How to make Windows 10’s tablet mode even better
In response to our Windows 10 review where we mentioned some drawbacks of the ergonomics of the new Windows 10 tablet mode, one of our readers made a graphic about how Microsoft could pretty simply make the taskbar much more tablet friendly. Patrick’s suggestions are mainly things for Microsoft to implement, but some of them you can do right now to make your Windows 10 tablet much easier to use.
Even in tablet mode, the taskbar with the start button, system tray icons, Cortana button and task view buttons are along the bottom edge of the screen. I’m sure Microsoft did this for consistency with the old Windows 95 – 7 default placement so that people would have that familiarity, but if you’ve got a tablet, reaching for those buttons is very awkward. They are not ergonomically placed for tablet usage at all. See below for Patrick’s suggestions and then scroll even further to see what you can do to improve the tablet mode on Windows 10 right now.
— Patrick Hermawan (@ngakaks) August 1, 2015
Personally, I kind of like the system-wide back button on the taskbar since it can navigate between apps just like the system-wide back button on Windows Phone. Although, on Windows 10 that only works occasionally. Sometimes pressing the back button doesn’t do anything, but that’s true with the task view button if no apps are currently open, too. Still, most of what Patrick suggests could probably be implemented as options in the Taskbar settings window. Speaking of which…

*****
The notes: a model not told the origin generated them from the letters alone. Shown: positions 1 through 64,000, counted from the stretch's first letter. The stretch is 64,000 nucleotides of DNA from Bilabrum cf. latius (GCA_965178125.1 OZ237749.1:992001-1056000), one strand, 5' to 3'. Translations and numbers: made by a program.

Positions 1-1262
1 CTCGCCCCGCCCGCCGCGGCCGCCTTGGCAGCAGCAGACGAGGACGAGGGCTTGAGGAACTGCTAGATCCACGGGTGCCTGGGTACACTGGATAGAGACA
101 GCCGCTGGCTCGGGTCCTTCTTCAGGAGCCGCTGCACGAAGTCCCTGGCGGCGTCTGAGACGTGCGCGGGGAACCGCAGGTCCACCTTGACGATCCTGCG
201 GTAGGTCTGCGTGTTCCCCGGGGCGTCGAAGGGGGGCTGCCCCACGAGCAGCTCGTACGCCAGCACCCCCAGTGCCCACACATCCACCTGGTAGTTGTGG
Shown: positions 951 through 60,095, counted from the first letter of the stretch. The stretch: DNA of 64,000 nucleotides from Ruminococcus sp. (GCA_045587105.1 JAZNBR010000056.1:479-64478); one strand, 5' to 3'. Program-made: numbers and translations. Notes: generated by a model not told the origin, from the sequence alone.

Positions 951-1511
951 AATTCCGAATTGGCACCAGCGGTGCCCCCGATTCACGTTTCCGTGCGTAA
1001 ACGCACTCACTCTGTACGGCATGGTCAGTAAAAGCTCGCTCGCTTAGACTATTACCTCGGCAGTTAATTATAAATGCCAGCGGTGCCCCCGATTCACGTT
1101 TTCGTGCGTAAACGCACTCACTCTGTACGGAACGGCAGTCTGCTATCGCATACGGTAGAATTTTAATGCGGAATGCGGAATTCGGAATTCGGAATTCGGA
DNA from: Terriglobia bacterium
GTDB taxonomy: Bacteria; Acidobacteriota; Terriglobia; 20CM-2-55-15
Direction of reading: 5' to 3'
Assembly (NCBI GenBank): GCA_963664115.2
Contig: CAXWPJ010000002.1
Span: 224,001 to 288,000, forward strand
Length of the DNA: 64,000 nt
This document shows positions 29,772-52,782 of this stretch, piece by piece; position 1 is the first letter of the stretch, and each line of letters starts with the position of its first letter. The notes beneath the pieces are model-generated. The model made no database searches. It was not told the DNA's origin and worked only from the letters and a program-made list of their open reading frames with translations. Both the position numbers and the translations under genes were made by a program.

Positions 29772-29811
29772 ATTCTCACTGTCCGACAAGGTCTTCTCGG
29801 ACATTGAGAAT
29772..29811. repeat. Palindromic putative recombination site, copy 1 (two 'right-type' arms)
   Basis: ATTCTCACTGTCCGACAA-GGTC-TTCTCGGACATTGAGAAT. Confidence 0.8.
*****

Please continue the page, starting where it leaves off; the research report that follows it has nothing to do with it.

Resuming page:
How to make tablet mode better right now
As we mentioned, most of the suggestions for better tablet ergonomics above require Microsoft to make some modifications to the OS. However, Patrick’s first step is possible right now. Simply type “Taskbar and Navigation” into Cortana or from your current start screen and open the Taskbar and Navigation properties window. From there you’ll see a “Taskbar location on screen” pop-up menu where you can choose: bottom, left, top, or right. Obviously by default it’s set to the bottom, but if you place it on the left or right, you’ll have much more ergonomic access to those buttons when holding your tablet by the left or right edges like you normally would. You can also “auto-hide the taskbar”, but this makes showing the taskbar much more difficult since your right edge swipe will still show the Action Center, while a left edge swipe will still show the task view. However, if you do a very short right edge or left edge swipe, that will show the taskbar when needed. So if you really want the taskbar hidden, it can work pretty nicely that way with a little bit of learning for the right gesture to get it back. If you uncheck the “Lock the taskbar” option, you can resize it to make its width a little smaller too. Check out the video below for a quick demo of the slightly more-ergonomic Windows 10 tablet mode in action.
What do you think? Are you using Windows 10 in desktop mode on a tablet or are you wishing for a better tablet mode from future versions of Windows 10?